All Russian to meBMJ 2006; 333 doi: http://dx.doi.org/10.1136/bmj.333.7573.865-a (Published 19 October 2006) Cite this as: BMJ 2006;333:865
My wife is learning Russian, apparently for fun. Subjunctives in Cyrillic, she says, are light relief from the bureaucracy of general practice. Our house is filling up with the works of Pushkin and books about Russian history. Vaguely interested, I found the country's troubled past hard to understand until I noticed the parallels with the NHS.
For example, two centuries ago the czar and the ruling class spoke French whereas the serfs spoke Russian. How on earth could two groups who had to coexist speak different languages? Then I remembered the NHS's managerial memos with nouns like “stakeholder,” verbs like “drill down,” and all those trendy abbreviations. Staff involved in patient care don't talk like that and have silent, serf-like contempt for those who do.
Then, during the communist era, Soviet policy was decreed by a leader in Moscow and applied, blanket fashion, across the country. Small town apparatchiks knew that disobedience meant death. Today, NHS middle managers believe their jobs (not their lives, admittedly) are on the line if they fail to implement the schemes of Downing Street advisers. Decisions come from large buildings in Leeds and London but are rarely announced. Instead, all trusts miraculously have the same cost cutting ideas at the same time. Only when the serfs go networking, perhaps at meetings of the Royal College of Serfs, do they realise what is happening.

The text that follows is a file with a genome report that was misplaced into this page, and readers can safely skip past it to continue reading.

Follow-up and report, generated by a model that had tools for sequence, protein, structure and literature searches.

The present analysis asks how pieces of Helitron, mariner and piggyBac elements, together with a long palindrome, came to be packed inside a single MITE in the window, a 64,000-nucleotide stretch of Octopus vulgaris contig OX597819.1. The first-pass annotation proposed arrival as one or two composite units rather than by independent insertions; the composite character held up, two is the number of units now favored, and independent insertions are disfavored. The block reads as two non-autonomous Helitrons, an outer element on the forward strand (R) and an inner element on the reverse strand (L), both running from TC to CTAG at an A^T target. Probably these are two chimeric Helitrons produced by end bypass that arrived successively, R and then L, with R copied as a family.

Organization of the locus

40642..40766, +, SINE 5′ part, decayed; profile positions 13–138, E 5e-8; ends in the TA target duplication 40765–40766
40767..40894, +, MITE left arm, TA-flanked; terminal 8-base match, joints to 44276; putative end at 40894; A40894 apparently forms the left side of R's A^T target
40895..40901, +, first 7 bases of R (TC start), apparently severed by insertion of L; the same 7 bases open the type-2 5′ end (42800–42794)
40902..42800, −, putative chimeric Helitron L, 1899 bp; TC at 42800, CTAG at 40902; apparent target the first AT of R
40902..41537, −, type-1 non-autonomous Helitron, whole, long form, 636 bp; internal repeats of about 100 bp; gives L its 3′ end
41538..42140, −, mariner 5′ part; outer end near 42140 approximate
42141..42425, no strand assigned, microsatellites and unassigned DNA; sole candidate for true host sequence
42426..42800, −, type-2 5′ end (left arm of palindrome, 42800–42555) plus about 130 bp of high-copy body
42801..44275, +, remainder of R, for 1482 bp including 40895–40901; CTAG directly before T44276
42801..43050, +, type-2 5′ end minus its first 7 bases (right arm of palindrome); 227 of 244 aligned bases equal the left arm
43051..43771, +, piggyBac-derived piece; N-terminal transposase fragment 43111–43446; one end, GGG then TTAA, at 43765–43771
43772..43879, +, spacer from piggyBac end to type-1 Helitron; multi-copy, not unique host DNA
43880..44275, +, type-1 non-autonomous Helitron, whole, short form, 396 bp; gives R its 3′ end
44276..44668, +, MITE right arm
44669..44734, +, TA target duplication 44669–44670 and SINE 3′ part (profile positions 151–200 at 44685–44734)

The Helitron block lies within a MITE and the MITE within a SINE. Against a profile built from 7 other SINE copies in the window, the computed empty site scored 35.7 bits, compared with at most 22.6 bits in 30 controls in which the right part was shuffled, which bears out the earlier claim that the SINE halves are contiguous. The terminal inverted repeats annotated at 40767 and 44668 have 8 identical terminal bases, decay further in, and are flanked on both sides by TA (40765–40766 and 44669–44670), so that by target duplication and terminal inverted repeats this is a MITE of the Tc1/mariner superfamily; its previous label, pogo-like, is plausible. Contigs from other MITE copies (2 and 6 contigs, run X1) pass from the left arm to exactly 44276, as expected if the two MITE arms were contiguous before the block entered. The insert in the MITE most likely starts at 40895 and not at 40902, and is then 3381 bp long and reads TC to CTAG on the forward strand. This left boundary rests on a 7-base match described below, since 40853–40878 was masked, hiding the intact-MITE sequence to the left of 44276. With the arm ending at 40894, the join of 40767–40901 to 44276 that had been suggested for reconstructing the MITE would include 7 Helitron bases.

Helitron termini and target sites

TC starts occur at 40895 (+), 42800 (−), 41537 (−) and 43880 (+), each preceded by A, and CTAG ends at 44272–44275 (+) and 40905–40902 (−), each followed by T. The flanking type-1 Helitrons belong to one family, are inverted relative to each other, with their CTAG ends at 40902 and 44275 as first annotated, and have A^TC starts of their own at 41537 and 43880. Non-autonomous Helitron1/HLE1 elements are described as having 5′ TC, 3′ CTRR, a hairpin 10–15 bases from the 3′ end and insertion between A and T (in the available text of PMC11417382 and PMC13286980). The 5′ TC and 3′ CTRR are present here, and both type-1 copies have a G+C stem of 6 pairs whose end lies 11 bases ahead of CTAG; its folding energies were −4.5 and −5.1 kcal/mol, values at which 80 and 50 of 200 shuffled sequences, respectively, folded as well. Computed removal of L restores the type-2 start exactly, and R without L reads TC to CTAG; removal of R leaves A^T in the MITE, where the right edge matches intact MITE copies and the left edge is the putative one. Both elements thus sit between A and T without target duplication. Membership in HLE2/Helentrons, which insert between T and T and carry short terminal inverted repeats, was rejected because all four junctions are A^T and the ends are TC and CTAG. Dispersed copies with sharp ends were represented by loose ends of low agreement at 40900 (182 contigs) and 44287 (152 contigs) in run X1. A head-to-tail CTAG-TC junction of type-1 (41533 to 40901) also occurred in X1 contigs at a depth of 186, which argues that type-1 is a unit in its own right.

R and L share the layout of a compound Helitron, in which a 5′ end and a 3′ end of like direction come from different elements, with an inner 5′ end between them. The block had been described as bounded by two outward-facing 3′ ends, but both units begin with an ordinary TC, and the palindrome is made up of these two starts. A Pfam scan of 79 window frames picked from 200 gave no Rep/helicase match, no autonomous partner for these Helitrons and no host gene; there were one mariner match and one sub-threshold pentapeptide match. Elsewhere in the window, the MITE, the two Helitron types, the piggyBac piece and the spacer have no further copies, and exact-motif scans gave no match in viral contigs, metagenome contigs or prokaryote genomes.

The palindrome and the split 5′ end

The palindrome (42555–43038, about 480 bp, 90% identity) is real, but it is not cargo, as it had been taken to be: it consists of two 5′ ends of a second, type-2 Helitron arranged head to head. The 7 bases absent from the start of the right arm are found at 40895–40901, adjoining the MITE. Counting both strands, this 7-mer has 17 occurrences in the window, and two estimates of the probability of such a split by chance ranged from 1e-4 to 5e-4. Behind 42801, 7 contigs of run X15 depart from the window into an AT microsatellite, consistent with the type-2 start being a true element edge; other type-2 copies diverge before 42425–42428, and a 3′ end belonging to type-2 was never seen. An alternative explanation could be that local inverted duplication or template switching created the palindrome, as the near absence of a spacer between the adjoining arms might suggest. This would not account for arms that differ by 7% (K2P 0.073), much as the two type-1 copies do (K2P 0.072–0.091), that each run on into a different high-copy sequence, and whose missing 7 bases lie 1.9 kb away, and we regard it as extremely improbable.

When public announcements are made, they take the form of what used to be called “propaganda” and is now “spin”. The Russian people would be told that the state was making more combine harvesters than ever before, and the books would be cooked to prove that nobody had to wait more than six weeks for a tractor. How nice it would be if the NHS, besides using similar techniques, went the whole hog and produced totalitarian artwork. Staff would be inspired by posters of square jawed doctors and nurses looking upwards, fists upraised, with guidelines unfurling behind them.
And finally, when the Soviet Union fell, the oligarchs took over. Young men became fabulously rich in mysterious ways and bought foreign football clubs. We serfs suspect that some people are doing very nicely out of the NHS. And if we find our premiership team playing PFI Moscow, our suspicions will deepen.